TLC Book Tour: The Serpent of Venice, Christopher Moore

The Serpent of VeniceWhat do you get if you take a generous helping each of Shakespeare’s Merchant of Venice and Othello, a dash of King Lear, and a big splash of Edgar Allan Poe’s “A Cask of Amontillado” and put it in a blender with Monty Python? I’m not sure, but I think it would look a lot like Christopher Moore’s novel The Serpent of Venice.

The Serpent of Venice is the continuing story of King Lear’s fool, Pocket, first introduced in Moore’s book Fool. Lured to Venice by Montressor Brabantio, Iago, and Antonio, Pocket is chained and walled up inside Brabantio’s dungeon. A mysterious creature rescues Pocket, who seeks his revenge against the trio with the help of Othello, Shylock, and Jessica and the mysterious creature, the Serpent of Venice herself.

I found the mashup of Shakespeare’s two Venetian plays to be interesting. A little stitching, and it all comes together nicely, though the tragedy of Othello is sacrificed in this comedic novel. Moore explains in his Afterword that he shifted the time settings of the two Shakespeare plays, which are more contemporary to Shakespeare’s own time, to the thirteenth century and adjusted some of the finer points (Othello is fighting the Genoans rather than the Turks). A famous Venetian of the 13th century makes an appearance late in the book. As Moore explains:

I chose Merchant and Othello, obviously, because they are set in Venice. Early on, as I dissected them to see what parts I could stitch back together to make the abomination that became The Serpent of Venice, I started noting that the characters in each of the plays perform similar functions, and although I didn’t research it, I suspect the parts were written for the same actors.

I admit the Shakespearean scholar in me wants to take that project on. It would be interesting to uncover—I’m sure someone’s done it already. For the record, The Merchant of Venice is dated from around 1596-1597, while the earliest mention of Othello is 1604. Will Kempe, Shakespeare’s famous clown, departed the Lord Chamberlain’s Men acting company in 1599 and thus his successor Robert Armin likely played the Fool or Clown in Othello and also in King Lear, though Kempe probably did play Lancelot Gobbo in Merchant. Richard Burbage certainly played Othello, and this epitaph suggests he played Shylock. More research is beyond the scope of the resources I have at hand.

Nevertheless, the entire Afterword reveals the depth of research Moore did in order to bring 13th century Venice alive, as well as combine the three major works of literature that comprise this tale. Further, it’s intriguing that the two Shakespearean plays, aside from being set in Venice, are also the two major plays that include marginalized characters such as Shylock and Othello.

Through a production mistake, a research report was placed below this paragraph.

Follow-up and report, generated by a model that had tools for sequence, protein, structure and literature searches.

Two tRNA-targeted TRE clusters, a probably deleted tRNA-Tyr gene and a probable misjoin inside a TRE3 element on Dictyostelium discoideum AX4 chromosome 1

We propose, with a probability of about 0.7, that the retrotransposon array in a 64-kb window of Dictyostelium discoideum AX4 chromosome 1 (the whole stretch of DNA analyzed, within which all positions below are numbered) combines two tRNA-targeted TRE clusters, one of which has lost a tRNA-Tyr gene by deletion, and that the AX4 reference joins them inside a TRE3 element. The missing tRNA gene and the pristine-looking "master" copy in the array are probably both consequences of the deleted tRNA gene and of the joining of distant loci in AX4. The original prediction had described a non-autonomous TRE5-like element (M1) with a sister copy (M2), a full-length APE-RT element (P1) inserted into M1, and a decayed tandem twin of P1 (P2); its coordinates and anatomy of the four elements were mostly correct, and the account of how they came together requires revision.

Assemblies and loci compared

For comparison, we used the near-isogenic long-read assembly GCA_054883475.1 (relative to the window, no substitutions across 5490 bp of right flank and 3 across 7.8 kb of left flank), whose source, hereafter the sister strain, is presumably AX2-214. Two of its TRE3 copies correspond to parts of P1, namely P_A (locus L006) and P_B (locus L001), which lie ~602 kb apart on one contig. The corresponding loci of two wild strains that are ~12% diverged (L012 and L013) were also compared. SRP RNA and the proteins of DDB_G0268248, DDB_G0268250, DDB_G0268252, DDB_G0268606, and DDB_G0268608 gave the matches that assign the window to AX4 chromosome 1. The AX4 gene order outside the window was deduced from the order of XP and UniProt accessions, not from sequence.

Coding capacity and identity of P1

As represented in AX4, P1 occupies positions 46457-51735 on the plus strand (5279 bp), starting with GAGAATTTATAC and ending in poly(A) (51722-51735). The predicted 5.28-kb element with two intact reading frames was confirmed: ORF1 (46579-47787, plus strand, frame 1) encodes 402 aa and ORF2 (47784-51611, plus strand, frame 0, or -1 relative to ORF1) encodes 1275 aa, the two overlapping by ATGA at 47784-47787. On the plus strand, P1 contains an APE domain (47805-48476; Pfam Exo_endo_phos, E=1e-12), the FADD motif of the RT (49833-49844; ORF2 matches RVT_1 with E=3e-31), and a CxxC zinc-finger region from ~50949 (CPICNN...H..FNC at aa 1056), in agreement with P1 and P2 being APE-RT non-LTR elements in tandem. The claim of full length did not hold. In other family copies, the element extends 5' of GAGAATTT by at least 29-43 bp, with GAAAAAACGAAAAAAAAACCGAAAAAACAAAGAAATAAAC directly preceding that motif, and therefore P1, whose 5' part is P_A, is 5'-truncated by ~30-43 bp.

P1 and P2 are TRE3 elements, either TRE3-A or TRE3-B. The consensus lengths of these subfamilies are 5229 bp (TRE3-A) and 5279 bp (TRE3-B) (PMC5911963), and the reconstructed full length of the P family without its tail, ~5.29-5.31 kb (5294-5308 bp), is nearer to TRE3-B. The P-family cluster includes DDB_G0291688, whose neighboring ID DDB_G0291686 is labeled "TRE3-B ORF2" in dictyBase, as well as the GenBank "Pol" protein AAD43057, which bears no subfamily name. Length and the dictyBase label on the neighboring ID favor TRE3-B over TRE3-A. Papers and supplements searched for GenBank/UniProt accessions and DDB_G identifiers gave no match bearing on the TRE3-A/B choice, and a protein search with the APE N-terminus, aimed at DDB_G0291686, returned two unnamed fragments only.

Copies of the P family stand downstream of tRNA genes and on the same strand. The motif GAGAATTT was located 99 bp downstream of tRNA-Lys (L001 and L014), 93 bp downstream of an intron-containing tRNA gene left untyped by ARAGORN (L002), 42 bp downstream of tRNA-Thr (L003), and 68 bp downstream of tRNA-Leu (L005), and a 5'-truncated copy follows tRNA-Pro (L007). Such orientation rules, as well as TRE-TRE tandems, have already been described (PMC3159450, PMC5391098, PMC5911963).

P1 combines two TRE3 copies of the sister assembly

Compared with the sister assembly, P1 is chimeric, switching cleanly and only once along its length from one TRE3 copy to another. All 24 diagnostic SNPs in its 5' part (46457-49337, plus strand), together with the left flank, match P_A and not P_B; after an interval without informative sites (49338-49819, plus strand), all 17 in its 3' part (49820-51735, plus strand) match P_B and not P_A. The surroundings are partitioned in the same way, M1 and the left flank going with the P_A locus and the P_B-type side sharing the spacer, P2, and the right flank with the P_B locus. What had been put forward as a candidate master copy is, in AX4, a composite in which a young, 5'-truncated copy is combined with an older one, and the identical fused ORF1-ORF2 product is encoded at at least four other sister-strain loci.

In fact, I quite enjoyed the characters in this novel, particularly the protagonist Pocket and Jessica. Pocket is smart and resourceful, but he’s no one to mess with either. For that matter, the same could be said of Jessica. Where the book particularly shines is in its witty dialogue. The book’s Chorus is a lot of fun. Witness this exchange, a flashback to events preceding the book’s main narrative, when Othello saves Pocket’s life:

CHORUS: And thus was friendship formed. Two outsiders, outside a palace in the night, found fellowship in their troubles, and there one’s problems became the other’s purpose.

“Who is that?” asked the fool.

“I don’t know him,” said the Moor. “Is he following us?”

“No, he’s just yammering on about the bloody obvious to no one. A nutter, no doubt.”

“I cannot carry him, too,” said Othello. (28-29)

The reviews on this one are a little mixed, and I gather it’s mainly folks who don’t appreciate the humor who give the book low ratings. I laughed often as I read. Moore has a gift for humor, or at least I think he’s funny, though I should think folks who find it sacrilegious to tamper with Shakespeare and don’t even like it when his plays have modern settings should probably not read this book. I think having read Shakespeare will help the reader appreciate the humor and allusions in this book. This book is probably not right for everyone, but I loved it.

For the record, I think Shakespeare himself would have loved it, too. Edgar Allan Poe? Famously a strange guy. I’m not sure what he would have thought. Of course, I also think that Monty Python and the Holy Grail is the best King Arthur movie ever made (and I’m not even kidding about that—it’s closest to the Welsh stories that are the origin for Arthurian legend).

Possibly as good a test as any to determine whether this book is right for you is this bit of dialogue between Pocket, shielding himself behind the identity of Lancelot Gobbo, and Shylock:

He wheeled on me, stopped, and assumed the posture of one about to lecture. I had seen it before. Everywhere. “Since the time we were first chosen, Lancelot, suffering has been the lot of our people, but still, we must take our lessons from the prophets. And what do we learn from the story of Moses confronting the pharaoh? When Moses did call down the ten plagues upon the Egyptians? What do we learn from this, young Lancelot?”